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Saturday, December 16, 2006

My Favorite Ancient Gadget - Astronomical Clock

I have covered the Antiythera Mechanism in two previous posts. What can I say? This 2000 year old Astronomical Clock fascinates me. I think it is quickly becoming my gadget of choice.

The Washington Post has a wonderful discussion the the clock and you can read it here: Science: Human Behavior and the Antikythera Mechanism.

This falls right in line with my book review of Arthur Koestler's book, Sleepwalkers. On page 80, he speaks of how everything at that time was thought to be in perfect circles. However:

"There exist some fragmentary remains, dating from the first century AD, of a small sized Greek planetarium - a mechanical model designed to reproduce the motions of sun, moon, and perhaps also of the planets, but it's wheels, or at least some of them, are not circular - they are egg-shaped. The orbit of Mercury in the Ptolemaic system... shows a similar egg-shaped curve staring into one's face. All these pointers were ignored, relegated into limbo as a sacrifice to circle worship."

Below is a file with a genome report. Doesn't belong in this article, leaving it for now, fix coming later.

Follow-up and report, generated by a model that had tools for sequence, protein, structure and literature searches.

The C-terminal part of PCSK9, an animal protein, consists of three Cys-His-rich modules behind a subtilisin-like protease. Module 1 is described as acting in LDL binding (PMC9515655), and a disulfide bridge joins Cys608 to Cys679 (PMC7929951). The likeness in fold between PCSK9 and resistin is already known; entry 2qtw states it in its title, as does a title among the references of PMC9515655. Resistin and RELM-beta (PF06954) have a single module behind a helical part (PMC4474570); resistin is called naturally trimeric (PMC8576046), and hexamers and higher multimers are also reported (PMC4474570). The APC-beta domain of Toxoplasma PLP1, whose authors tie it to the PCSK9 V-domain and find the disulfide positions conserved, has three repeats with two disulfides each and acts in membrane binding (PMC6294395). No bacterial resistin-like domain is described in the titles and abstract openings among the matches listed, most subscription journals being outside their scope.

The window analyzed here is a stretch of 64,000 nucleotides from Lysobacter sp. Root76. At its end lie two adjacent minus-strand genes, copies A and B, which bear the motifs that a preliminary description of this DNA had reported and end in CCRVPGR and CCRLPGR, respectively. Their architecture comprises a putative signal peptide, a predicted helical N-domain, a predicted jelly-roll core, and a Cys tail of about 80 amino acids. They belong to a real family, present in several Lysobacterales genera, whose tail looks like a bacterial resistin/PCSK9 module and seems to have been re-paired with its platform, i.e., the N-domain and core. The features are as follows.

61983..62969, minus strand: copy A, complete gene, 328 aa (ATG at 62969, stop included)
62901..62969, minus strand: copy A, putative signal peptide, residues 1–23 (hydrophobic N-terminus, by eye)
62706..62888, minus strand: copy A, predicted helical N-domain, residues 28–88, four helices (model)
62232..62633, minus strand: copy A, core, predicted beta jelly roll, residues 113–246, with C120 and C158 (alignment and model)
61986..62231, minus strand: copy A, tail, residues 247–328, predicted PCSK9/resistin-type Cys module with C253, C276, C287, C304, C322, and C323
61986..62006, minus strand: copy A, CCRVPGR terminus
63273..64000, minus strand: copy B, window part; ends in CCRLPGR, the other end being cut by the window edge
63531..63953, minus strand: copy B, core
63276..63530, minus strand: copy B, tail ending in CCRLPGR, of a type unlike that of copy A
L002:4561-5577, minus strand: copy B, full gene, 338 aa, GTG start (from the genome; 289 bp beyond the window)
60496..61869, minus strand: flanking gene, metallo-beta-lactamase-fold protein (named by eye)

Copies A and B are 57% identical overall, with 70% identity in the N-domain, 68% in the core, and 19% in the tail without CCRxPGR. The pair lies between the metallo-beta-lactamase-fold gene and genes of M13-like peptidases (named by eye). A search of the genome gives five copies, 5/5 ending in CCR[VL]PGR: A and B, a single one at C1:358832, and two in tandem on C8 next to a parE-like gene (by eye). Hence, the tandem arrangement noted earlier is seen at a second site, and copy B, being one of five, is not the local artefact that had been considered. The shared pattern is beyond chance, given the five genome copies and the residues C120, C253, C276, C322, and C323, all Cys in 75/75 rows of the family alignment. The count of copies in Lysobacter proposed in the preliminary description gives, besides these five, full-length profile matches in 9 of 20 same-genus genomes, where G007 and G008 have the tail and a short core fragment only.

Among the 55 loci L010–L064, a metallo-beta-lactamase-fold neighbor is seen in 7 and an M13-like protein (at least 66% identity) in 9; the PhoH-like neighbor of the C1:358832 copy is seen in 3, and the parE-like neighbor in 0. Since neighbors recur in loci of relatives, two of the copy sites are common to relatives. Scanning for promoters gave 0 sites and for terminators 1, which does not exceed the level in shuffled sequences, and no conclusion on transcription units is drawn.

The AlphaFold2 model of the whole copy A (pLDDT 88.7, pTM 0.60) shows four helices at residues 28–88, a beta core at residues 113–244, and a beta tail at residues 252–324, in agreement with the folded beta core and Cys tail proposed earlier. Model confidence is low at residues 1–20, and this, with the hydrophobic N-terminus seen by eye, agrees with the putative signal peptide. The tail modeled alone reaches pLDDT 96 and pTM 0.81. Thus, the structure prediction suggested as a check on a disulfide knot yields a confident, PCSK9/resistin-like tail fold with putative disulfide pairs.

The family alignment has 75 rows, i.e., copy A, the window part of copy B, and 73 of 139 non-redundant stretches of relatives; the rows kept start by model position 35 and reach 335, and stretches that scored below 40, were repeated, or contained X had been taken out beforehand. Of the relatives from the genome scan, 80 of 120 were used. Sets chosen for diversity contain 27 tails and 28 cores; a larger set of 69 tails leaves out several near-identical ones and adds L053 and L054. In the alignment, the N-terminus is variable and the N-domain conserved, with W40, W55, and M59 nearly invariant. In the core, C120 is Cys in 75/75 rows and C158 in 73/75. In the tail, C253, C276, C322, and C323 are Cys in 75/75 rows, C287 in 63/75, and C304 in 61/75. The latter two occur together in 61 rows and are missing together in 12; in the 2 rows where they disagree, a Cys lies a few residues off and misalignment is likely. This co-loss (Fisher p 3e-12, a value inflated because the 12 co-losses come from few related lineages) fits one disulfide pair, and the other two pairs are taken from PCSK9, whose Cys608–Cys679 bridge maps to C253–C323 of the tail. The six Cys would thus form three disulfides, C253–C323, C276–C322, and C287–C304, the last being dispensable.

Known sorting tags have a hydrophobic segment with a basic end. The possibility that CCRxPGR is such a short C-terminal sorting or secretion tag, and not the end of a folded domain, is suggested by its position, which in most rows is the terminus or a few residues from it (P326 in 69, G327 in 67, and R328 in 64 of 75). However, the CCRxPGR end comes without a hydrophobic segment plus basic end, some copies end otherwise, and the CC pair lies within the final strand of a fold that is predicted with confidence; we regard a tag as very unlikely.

We had it! We had it right! We had it right, but by being told we were wrong, we fell past being right, back into stumbling around trying to figure out the cosmos we live in. We as people seem to have consciousness like waves. We get a concept, then get side tracked by another concept (especially a more aesthetically pleasing one), and only hundreds of years later do we "rediscover" what we once knew. Batteries in ancient Egypt, for instance. Should we then, as human beings, be so amazed that previous inhabitants had some of the same technology (or variations of it) that we now take for granted?

It is obvious by Koestler's mention of this Astronomical clock that in 1959, when the book was written, the true use of this amazing device was still not known.

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